[quote=“Jinete Mortal”]Well, at least that’s what we call ourselves here at good old 573 JJ Lu.
In any case, we are heading to Fulong this weekend. I was curious…are there any things I have missed that I might want to check out? Things like hiking trails, hidden swimming areas, or things of that nature? Or maybe a better question is…what activities do you suggest besides the usual swim/sunbathe routine?[/quote]
The Caoling Historic trail starts right in Fulong. If you can’t find the sign ask at the Tourist Office in town. From Fulong to Daxi the trail runs for 16kilometres, but you can do shorter stretches, such as to Dali. From either Dali or Daxi you can return to Fulong by train.
The trail begins as a small road but no cars are allowed on it. After a few kilometres it heads up and over the Fulong peninsula. There are two 19th century relics to observe: both are giant inscriptions on flat stones. In addition there are frequent signs in English and Chinese explaining the local flora (who knew there were so many fig trees in Taiwan?)
The top of the trail runs along grass headlands giving you a superb view of the pacific and Turtle Island. From here you can either head down to Dali or keep going along the opens headlands to Daxi. It’s a great hike.
If you want to save time, take a taxi to the trailhead a few kilometres outside Fulong. Then up and down to Dali is only 6km or so. A good few hours hiking.
To get to the trailhead head north from Fulong. About a km or so later you’ll see a gas station on the left. Turn left and head up the road. A few kilometres later you’ll see the English sign for the Caoling (or Tsaoling Trail). Turn left again and in a kilometre or so you’ll find an obvious trailhead with signs, washrooms, decks and so on.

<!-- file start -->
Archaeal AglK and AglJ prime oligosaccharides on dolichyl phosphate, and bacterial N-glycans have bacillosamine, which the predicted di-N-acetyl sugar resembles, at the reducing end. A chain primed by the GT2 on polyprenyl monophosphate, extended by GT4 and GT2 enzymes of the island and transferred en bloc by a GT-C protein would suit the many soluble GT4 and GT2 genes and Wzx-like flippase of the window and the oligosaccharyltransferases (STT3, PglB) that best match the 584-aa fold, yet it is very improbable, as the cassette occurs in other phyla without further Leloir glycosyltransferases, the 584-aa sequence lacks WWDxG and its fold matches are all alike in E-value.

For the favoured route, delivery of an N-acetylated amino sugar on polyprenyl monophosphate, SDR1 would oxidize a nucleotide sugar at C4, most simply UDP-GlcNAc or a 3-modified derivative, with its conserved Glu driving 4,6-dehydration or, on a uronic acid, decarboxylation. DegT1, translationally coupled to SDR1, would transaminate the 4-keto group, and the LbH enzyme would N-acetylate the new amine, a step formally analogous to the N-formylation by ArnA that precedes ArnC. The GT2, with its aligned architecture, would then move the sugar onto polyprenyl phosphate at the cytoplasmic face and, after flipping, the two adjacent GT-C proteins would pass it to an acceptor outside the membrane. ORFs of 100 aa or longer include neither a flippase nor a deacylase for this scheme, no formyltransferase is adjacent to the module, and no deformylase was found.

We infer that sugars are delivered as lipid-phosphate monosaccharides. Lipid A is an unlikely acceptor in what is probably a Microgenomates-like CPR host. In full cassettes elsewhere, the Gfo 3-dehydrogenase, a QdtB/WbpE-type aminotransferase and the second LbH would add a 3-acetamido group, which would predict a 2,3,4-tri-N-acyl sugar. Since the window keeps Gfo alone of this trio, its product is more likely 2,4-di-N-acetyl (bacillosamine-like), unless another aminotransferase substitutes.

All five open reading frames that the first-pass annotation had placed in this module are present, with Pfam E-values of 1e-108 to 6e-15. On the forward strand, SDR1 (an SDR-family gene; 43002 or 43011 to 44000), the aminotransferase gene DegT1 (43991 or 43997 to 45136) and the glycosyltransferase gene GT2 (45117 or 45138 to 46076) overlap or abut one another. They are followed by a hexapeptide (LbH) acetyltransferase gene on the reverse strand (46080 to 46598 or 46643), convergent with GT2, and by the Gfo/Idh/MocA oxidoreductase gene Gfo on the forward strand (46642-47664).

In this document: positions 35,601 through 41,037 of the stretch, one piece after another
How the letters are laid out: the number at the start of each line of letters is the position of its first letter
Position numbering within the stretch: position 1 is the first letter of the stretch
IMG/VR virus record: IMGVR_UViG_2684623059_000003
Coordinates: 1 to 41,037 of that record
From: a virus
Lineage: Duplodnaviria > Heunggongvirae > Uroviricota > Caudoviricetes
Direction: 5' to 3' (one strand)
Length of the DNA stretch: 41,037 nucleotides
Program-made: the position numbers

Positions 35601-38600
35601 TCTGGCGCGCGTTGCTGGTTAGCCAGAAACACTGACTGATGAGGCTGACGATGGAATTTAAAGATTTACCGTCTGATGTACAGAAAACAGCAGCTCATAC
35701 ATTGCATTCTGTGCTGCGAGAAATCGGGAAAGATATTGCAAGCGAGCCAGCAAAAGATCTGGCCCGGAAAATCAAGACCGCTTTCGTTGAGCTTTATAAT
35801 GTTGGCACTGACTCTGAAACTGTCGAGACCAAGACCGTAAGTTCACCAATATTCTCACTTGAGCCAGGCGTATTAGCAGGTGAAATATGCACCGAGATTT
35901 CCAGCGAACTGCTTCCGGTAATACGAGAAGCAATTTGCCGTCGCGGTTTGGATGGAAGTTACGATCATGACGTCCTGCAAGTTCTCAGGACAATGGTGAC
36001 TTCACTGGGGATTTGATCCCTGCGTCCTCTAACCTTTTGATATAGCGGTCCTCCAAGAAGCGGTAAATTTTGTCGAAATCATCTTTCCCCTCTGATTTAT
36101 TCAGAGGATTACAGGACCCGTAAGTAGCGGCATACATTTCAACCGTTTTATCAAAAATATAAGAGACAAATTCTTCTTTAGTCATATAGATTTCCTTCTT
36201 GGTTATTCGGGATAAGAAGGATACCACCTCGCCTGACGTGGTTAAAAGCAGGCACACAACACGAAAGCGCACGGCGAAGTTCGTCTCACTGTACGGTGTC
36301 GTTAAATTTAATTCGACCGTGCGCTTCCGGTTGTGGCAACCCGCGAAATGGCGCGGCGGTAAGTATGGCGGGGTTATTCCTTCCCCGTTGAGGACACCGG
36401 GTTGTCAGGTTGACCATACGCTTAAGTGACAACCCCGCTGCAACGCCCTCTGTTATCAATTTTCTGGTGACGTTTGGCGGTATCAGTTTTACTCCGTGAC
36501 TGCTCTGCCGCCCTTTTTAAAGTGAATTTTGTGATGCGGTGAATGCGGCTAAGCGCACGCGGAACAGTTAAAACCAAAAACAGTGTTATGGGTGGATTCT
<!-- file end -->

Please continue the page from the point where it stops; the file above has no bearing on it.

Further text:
If you can bring or rent bikes (I think the campground just north of Fulong rents bikes) follow the route I just mentioned but don’t turn left at the Tsaoling trail. Instead continue another 2km (I think) until you see the sign for the Taoyuan Valley Trail. Go left and follow a smooth, flat road for 8 km as it hugs the banks of a clean wide creek. At places you’ll be able to leave the road and drive right up to the creek. It’s clean and people swim in it when the weather is warm.
There are a number of turns to make which I can’t possibly remember how to describe but the way to the Taoyuan valley Trail is marked (but only in Chinese so remember the characters). Most wrong turns quickly lead to small private roads. Just try to keep on what looks like the main road.
At the end of the road (the last few kilometres wind up and around) you’ll see the English signs and maps for the Taoyuan Valley trail. This trail connects up with the aforementioned Caoling.
The road is very quiet and the scenery very fresh and beautiful. You’ll only see a handful of houses and structures the whole way. You’ll also get a chance to see water buffalo in emerald green terraced rice fields, a rarity in northern taiwan now.
These are a few extra things to do in Fulong besides hang out at the beach.